Well it is, after all, 2020. The year that everything seems controversial. It doesn’t matter what subject you choose to discuss; someone will vehemently take an opposing view. It also seems a significant number of people have suddenly become subject matter experts on every topic under the sun. Maybe it is our easy access to information through the internet that causes people to accept, without question everything that they read as fact.
Let’s take for example the subject of Thanksgiving. I grew weary reading article after article on the internet about how everything we have been taught about Thanksgiving is false. There are more of those types of articles than on our rich heritage of be a thankful people.
Here are some facts to consider. People have been giving thanks to God since creation of Adam and Eve. One of the required feasts God gave to the people of Israel in the book of Exodus was the Feast of Tabernacles or Sukkot. Sukkot is a Jewish holiday held in the fall to give thanks for the gathering of the harvest as well as the remembrance of Jewish exodus from Egypt.
The day we celebrate in the United States as Thanksgiving is the fourth Thursday of November. It has its origin from the first harvest celebration by the Pilgrims at Plymouth Plantation in 1621. The Pilgrims were English Separatists whose Calvinist views did not comply with those of the Church of England. They were fleeing religious persecution and willing to take enormous risks to find a place to worship as they saw fit. In spite of what you read on the internet, the Pilgrim’s motivation was religious freedom, which was very different from the motivation of the entrepreneurial settlers of Jamestown in Virginia, founded earlier in 1607.
When the Mayflower arrived at Plymouth Rock in November of 1620, the Pilgrims were ill prepared. Only 51 of the 102 Pilgrims survived that first brutal winter. After a successful harvest in fall of 1621, a three-day celebration of thanksgiving was conducted. Being extremely thankful to God for their survival in their first year, they were also thankful for God’s blessing on their crops that year.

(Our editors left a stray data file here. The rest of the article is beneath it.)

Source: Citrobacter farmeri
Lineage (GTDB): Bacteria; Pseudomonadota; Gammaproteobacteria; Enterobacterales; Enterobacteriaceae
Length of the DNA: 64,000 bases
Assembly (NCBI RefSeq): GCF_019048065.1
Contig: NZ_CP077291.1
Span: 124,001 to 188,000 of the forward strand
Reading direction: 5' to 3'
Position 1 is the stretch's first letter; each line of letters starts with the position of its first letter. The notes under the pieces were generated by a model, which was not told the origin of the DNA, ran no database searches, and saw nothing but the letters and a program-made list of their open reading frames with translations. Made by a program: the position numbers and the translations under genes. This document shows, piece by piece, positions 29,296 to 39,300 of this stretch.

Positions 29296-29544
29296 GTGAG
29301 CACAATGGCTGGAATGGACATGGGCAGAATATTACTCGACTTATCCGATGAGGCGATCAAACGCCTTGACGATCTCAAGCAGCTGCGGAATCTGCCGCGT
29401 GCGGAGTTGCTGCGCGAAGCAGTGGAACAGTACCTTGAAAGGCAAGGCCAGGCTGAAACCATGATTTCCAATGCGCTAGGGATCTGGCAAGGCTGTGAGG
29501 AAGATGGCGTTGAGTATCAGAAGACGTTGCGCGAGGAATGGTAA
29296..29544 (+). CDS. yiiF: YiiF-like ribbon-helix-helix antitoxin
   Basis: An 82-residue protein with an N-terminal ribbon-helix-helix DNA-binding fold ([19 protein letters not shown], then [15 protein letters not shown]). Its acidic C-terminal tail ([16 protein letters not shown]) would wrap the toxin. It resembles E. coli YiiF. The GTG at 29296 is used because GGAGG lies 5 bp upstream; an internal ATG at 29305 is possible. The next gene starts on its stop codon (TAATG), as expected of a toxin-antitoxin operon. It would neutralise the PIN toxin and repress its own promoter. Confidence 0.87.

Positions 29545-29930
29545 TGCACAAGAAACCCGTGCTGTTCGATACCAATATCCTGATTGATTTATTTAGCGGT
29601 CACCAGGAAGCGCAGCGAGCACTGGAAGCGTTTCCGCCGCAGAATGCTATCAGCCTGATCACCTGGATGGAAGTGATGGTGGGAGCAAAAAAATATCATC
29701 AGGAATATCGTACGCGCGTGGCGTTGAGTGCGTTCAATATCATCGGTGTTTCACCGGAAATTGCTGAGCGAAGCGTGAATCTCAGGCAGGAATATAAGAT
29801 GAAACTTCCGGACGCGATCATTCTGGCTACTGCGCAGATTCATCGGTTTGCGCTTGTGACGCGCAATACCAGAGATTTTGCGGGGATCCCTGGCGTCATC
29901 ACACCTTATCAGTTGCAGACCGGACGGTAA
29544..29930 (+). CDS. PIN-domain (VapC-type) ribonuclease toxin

Thankfully, we have a first-hand account from Edward Winslow, one of the survivors of that first year Plymouth colony, who described the thanksgiving celebration in a letter to his friend in England, a few months later in December, 1621. With all the hardship they endured, they never lost sight of the bountiful hand of God on their lives.
Throughout the New Testament we are encouraged to give thanks. 1 Thessalonians 5:18 succinctly says, “in everything give thanks; for this is the will of God in Christ Jesus for you.” The celebration of 1621 was a great time of giving thanks to God.
Are you thankful for all God has given you this year?
George Washington, in the first national Thanksgiving Day proclamation in 1789, called on all Americans to “unite to render unto Him our sincere and humble thanks for His kind care and protection.”
Later, Abraham Lincoln at the height of the Civil War, made Thanksgiving an annual national holiday in 1863.
We could all find reasons, especially this year, to focus on our troubles. We could choose to spend our time arguing about the history of Thanksgiving. But one unarguable fact is, that we each have a lot to be thankful for even in the midst of one of the most tumultuous years in our lifetimes.
I hope you will take encouragement from Psalm 100:4-5, “Enter into His gates with thanksgiving, and into His courts with praise. Be thankful to Him, and bless His name. For the LORD is good; His mercy is everlasting, and His truth endures to all generations.”
What are you thankful for this year? On Thanksgiving 2020, let’s give thanks to our God’s benevolent hand of blessing on our lives.